Three Easy Cross-Country Horse Riding Tips

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Know your horse.

  • Know your horse.
  • Know your horse’s strengths and weaknesses, as well as what they can and can’t do. This is especially important if you are going on a cross-country ride with a new horse that you have not ridden before, or if it’s been a while since you last rode your current mount.
  • It is also very important to know the personality of the animal under you. Is he/she relaxed or tense? Does he/she like to run fast? What does he/she think of other horses around him? Is there anything that scares him/her?
  • If there are water crossings on the trail route for example, find out beforehand if your horse has ever had problems with them in the past (they might be afraid of getting their hooves wet) and whether this could affect his safe riding ability during such crossings.

Know the course.

  • Know the course

Before you go on a cross-country ride, it’s important to know what kind of terrain you’re riding in and how hard it will be on your horse. Always ask for advice from experienced riders, but don’t feel like you have to go with their advice just because they’re experts. The best thing is to walk the trail yourself first if possible and make sure that both rider and horse are comfortable with what they’re getting into. Being able to assess the difficulty level of a course beforehand will help keep everyone safe during the ride itself!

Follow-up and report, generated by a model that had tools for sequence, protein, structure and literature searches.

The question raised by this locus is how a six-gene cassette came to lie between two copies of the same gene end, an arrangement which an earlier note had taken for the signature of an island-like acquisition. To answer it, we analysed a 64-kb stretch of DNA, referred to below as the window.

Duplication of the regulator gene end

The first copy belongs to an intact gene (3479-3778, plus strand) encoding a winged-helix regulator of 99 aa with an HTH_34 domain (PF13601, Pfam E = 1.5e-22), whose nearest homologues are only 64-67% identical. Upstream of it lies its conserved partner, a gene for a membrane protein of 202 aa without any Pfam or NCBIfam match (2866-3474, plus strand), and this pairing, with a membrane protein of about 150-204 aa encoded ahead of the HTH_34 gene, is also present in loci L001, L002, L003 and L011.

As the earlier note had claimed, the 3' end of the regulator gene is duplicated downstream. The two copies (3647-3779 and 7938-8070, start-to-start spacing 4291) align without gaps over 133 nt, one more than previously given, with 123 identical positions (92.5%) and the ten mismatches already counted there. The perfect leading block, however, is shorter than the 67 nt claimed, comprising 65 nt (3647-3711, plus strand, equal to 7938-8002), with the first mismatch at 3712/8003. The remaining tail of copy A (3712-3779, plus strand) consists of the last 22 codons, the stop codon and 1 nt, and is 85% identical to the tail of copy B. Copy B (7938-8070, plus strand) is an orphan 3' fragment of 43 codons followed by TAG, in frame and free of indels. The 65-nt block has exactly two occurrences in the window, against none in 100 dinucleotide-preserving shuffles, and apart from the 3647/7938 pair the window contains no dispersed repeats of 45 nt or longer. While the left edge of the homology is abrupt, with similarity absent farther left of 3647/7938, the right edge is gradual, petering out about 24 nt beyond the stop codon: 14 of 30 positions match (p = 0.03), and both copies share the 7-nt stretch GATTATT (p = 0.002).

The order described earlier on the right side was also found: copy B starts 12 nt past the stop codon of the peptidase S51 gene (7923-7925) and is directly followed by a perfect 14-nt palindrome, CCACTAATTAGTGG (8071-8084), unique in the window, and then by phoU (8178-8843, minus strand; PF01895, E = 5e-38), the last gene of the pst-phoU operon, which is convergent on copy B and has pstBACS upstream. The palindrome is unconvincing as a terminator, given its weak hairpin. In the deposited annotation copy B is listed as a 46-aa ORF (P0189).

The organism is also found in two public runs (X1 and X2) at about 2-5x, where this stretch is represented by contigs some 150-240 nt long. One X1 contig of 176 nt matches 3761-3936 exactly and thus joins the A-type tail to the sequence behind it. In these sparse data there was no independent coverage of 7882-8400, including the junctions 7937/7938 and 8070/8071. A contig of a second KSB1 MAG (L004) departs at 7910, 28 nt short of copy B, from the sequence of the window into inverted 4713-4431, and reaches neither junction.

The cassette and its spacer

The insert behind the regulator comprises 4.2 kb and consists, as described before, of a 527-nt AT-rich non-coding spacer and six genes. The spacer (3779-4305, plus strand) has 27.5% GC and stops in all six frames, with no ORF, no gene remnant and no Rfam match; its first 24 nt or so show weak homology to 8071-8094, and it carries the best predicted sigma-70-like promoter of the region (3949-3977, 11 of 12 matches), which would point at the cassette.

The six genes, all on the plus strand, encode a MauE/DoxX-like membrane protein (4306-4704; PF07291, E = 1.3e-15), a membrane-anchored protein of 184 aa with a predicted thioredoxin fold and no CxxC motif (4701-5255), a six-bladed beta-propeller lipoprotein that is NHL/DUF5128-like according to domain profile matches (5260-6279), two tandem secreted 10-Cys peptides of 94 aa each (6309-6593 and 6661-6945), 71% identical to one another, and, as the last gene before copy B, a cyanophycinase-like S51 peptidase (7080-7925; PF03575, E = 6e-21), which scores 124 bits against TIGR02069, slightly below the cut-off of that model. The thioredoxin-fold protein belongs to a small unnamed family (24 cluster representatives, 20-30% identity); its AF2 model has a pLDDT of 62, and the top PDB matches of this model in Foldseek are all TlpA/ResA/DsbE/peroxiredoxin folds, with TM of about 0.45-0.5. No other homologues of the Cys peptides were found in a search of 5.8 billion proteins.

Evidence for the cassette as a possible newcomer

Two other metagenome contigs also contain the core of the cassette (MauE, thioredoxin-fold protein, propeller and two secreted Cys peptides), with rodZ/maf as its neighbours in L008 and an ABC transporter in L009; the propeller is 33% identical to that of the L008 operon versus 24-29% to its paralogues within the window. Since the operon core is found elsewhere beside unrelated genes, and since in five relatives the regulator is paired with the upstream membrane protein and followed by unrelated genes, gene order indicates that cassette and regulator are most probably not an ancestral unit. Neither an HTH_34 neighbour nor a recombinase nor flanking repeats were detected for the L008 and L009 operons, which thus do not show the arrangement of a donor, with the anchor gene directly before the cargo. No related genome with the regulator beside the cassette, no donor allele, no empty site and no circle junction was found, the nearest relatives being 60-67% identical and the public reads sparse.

Know yourself.

  • Know yourself.

It’s important to know your own strengths and weaknesses, and also to be aware of what you’re capable of. Don’t push yourself too hard or go beyond the limits that are safe for you. Your horse’s limits should also be respected; don’t expect him or her to do things they aren’t physically capable of doing, especially on an unfamiliar course. If your horse has any past injuries or health issues that could affect their ability going forward (such as recurring lameness issues), seek the advice of a veterinarian before beginning cross-country riding training.

  • Know your horse’s strengths and weaknesses:

It’s important not only to understand these yourself but also communicate them to other riders so they know what type of course is right for everyone involved (especially if there are multiple riders). For example, if one person is better in corners than others then perhaps avoid those areas during cross country training due its sudden changes in direction which could cause trouble for some horses but not others depending on their skill level at this type of maneuvering around obstacles such as trees etcetera.”

If you’re prepared, cross-country can be an incredibly fun event.

If you’re prepared, cross-country can be an incredibly fun event.

Practice is absolutely critical to becoming comfortable with cross-country riding. Make sure to ask your trainer or instructor for help preparing your horse for the course and make time for plenty of practice rides.

Make sure that you have the right gear: boots, gloves, helmet and any other safety equipment that’s required by your organization or venue.

Keep in mind that this is a team sport – both rider and horse will need to work together to be successful!

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